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Hi All,
I have never really done any CYMK work before but I am itching to try it. I need to push myself out of my comfort zone.

Would it be best for a beginner to try it out with water based or plastisol?

Also is 230 mesh ok to start or should I go for the 305?

Thanks!!!

Ken
 

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230 count for a detailed shirt is plenty high. I personally use water-based inks and like the results and natural feel of them. For dark colors on dark shirts, I use a white layer of opaque ink, flash dry it, and then add the desired color on top or I apply it wet on wet with discharge. Plastisol is too heavy and rubbery of a feel IMHO. And it weighs a lot on the shirt especially in the heat.
 

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Are you using an automatic or manual press? I would personally start with plastisol than work your way to waterbase. This will allow you the extra time to play with the technique on the machine with out having to worry about the ink drying up in the screen. Once you figure out all the details than I would rock and roll with waterbase.
 

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process colors (CYMK) are pretty soft and print soft to the touch...305 is the norm. just as important are your seps..make sure they are done correctly or your desired colors will never happen. your pressure and squeege angle has to be even and consistant.
 

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process colors (CYMK) are pretty soft and print soft to the touch...305 is the norm. just as important are your seps..make sure they are done correctly or your desired colors will never happen. your pressure and squeege angle has to be even and consistant.
the mesh count has nothing to do with it EXCEPT on the lpi of the halftone vs. moire. Hence for all lpi (not dpi) 35 lpi x 4 = 140/ Mesh to use 160. lpi 50dpi x 4 = 200/ Mesh 230. 65 lpi x 4 = 260/ mesh 305.

Waterbase and plastisol don't matter. You are using so little ink with hardly any pigment both will be soft. On darks waterbase and dischagre is the way to go. I don't do that as it hardly occurs for me. So I just use plastisol white backer BUT a very expensve white that goes through 230 mesh @ 50 lpi. in one hit with a 70/90/70 squeegy using elongated mesh. Works on 50/50 t's too.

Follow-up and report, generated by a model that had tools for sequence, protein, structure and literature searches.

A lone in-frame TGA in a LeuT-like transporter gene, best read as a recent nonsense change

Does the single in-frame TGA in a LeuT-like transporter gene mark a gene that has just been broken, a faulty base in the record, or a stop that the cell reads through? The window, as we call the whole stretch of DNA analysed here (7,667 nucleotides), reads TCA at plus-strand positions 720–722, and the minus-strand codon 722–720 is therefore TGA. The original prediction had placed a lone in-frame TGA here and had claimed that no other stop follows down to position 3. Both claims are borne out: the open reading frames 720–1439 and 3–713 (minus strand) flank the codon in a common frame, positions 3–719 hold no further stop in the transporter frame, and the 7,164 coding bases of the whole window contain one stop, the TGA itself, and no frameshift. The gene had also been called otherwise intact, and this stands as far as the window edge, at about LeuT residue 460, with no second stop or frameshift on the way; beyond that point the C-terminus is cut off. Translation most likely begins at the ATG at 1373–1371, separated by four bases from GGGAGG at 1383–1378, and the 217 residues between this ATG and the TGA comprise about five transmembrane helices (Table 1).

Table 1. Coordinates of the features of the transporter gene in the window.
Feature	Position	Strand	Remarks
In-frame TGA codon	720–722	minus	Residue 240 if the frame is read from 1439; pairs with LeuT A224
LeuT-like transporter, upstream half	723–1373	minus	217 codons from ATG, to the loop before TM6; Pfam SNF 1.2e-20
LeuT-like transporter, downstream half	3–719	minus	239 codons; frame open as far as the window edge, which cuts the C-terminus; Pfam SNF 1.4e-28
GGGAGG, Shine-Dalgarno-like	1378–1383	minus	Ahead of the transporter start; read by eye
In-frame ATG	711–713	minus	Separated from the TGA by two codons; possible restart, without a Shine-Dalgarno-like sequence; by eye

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I agree with Foot Print.
I've never seen process plastisol inks do a heavy, rubbery print.
They're a transparent ink. Also, yes, definitely go with the 305 screens, although if you need an underbase, I'd go with a 230 for that.
 

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I've used plastisol process inks on 180 mesh screens, more ink deposits, and it is difficult to say that they're plastisol just by touching. The feel(or hand) we usually associate spot plastisol inks with is not there.

If you plan to use quality process inks 250-305 mesh should be OK. But not all plastisol process inks, especially the cheaper ones, are 305 capable on a manual press. It will penetrate the mesh with harder strokes no doubt but to do it again and again for say 20 or more shirts may be too tiring.

If you are willing to use the best inks then 305 is probably not an issue. Here, they usually cost 50-80% more than the cheaper plastisol process inks though.
 

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I agree that for a beginner, plastisol might be the better choice. But, I disagree regarding, the resulting hand. IMO, plastisol CYMK is equivalent to using Union ultrasoft plastisol inks. I use Matsui manually pushed through 305 mesh and the print is considerably softer than Union process inks, especially after washing the shirt... The hand from my brother's T-Jet is softer but, I don't like the T-Jet print after washing and his T-Jet2 has size limitations... *I waterbase CYMK on prints 14" X 28", and for that, waterbase soft hand is an asset on 3.5 to 4.5 ringspun cotton tees! :)
 

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To elaborate on my earlier post, as posted above, "I've used plastisol process inks on 180 mesh screens . . . The feel(or hand) we usually associate spot plastisol inks with is not there". Plastisol ink sits on top of the fabric and can not match the softer feel of waterbase inks which can penetrate into the fabric.
 
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